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Three Giants of the Roman Empire (1971)

Il ritorno del gladiatore più forte del mondo (original title)
In 310 AD, the Roman Empire is under threat by traitors within the Roman government. After continuous attacks on their northern borders by hordes of Germanic barbarians, Centurion Marcus ... See full summary »


Bitto Albertini (as Al Albert)


Bitto Albertini (as Adalberto Albertini)




Complete credited cast:
Brad Harris ... Marzio
Massimo Serato ... Caio Appio Quintilliano (as John Barracuda)
Raf Baldassarre Raf Baldassarre ... The Fox
Michel Lemoine ... Sevio
Maria Pia Conte ... Licia
Adler Gray Adler Gray ... Diana
Margaret Rose Keil ... Caio Appio's Sister
Paolo Rosani Paolo Rosani ... Claudio
Alberto Farnese Alberto Farnese ... Tullio Valerio (as Albert Farley)
Attilio Dottesio ... Manlio, Licia's Father (as Attilio D'Ottesio)
Carla Mancini Carla Mancini ... Christian Woman in Catacombs
Filippo Perego Filippo Perego ... Diana's Father
Sergio Serafini Sergio Serafini ... A Soldier


In 310 AD, the Roman Empire is under threat by traitors within the Roman government. After continuous attacks on their northern borders by hordes of Germanic barbarians, Centurion Marcus discovers that the invaders have been supplied with Roman weapons and equipment. Proconsul Tullius Valerius suspects that Gaius Appius Quintillianus, the provincial governor of the northern Germanic states, is secretly collaborating with those barbarian chiefs plotting to end Roman rule. Valerius decides to attack the barbarians, which he knows will be heavily criticised by the senators in Rome, and puts Marcus in command of the operation. Newly promoted vice-consul Marcus, a former gladiator, and his two faithful friends must go undercover to find the truth and discover the traitors behind this treacherous plot before it's too late. Written by bcarruthers-76500

Plot Summary | Add Synopsis









Release Date:

13 August 1971 (Italy) See more »

Also Known As:

Return of the Gladiator See more »

Company Credits

Production Co:

Lea Film See more »
Show more on IMDbPro »

Technical Specs

Sound Mix:



Color (Eastmancolor)

Aspect Ratio:

2.35 : 1
See full technical specs »

Did You Know?


This movie, starring Brad Harris, is better known as "Return of the Gladiator." The original Italian name of the movie was "IL RITORNO DEL GLADIATORE PIU' FORTE DEL MONDO" meaning "The Return Of The Strongest Gladiator In The World", which was then shortened to "Return of the Gladiator" for its release. See more »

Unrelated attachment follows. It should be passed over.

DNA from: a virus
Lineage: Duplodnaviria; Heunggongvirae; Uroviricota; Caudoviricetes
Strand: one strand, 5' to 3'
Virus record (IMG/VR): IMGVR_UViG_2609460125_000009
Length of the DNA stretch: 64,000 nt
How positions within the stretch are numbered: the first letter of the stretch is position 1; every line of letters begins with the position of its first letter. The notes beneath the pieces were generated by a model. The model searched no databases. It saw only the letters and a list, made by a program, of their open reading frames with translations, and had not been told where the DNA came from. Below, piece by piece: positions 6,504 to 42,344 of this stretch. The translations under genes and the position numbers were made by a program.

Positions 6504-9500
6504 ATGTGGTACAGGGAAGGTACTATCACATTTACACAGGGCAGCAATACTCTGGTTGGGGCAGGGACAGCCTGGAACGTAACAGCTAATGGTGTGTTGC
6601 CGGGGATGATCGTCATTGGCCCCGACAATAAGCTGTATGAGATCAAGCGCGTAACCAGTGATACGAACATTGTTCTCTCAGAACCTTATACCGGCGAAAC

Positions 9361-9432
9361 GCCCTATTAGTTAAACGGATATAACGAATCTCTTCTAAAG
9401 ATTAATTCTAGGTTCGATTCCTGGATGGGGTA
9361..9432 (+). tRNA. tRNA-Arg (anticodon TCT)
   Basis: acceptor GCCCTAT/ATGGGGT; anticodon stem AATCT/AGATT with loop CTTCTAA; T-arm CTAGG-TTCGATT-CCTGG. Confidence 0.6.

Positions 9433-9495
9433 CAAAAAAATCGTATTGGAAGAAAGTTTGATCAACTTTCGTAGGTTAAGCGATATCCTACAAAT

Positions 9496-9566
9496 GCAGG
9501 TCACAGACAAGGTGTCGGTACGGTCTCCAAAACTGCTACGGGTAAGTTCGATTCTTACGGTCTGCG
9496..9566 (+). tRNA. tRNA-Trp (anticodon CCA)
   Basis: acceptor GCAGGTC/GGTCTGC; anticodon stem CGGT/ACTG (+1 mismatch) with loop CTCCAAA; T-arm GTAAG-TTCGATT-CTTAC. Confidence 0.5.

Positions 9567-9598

Caio Appio Quintilliano: Listen to me. Your way of retreat has been cut off. My army is more numerous than yours. I'll squash you.
Marzio: Tomorrow we'll see who's alive at the end of the battle, who's to be squashed.
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Referenced in Escale à Nanarland: L'Homme Puma (2010) See more »

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User Reviews

A minor historical drama with points of interest
25 October 2005 | by dinky-4See all my reviews

Those "sword and sandal" movies which came out of Italy in the wake of Steve Reeves' "Hercules" might be divided into two categories. There are the mythological movies which include gods and goddesses, fanciful beasts, magic potions, and heroes of superhuman strength; then there are the historical movies which simply tell "action" stories set during the days of ancient Greece and Rome. Falling into the latter category is this movie which, on videotape, is also known as "Three Giants from Rome" and "Three Giants of the Roman Empire." Its hero is not a demi-god such as Hercules but rather a gallant soldier known as Marcus whose battles are not against fire-breathing dragons but rather against political enemies in the year 310 A.D. As a historical drama this movie has promise but it's badly marred, (at least in videotape prints which seem to be missing bits of footage), by unwanted touches of slapstick comedy and by a confused geography which often has the viewer wondering just where various scenes take place. In Rome itself, on the Empire's northeastern frontiers, or somewhere in between? What's more, the movie's final battle scene merely pads out the running time without adding significant interest to the story. On the plus side must be counted handsome, blue-eyed Brad Harris -- one of the best of the Steve Reeves' wannabe's -- who lends strength and substance to a part barely deserving of his efforts. While the script doesn't endow him with superhuman powers, it does subject him to one of those "beefcake-bondage" ordeals which are hallmarks of the sword-and-sandal genre. Stripped to loincloth and boots and tied between two pairs of horses, Harris -- looking great at age 37 -- is stretched like the proverbial wishbone for more than a full minute but he does not snap and this scene -- along with similar ones involving Steve Reeves in "Goliath and the Barbarians," Reg Park in "Maciste in King Solomon's Mines," and Kirk Morris in "Triumph of the Son of Hercules" -- is a classic.

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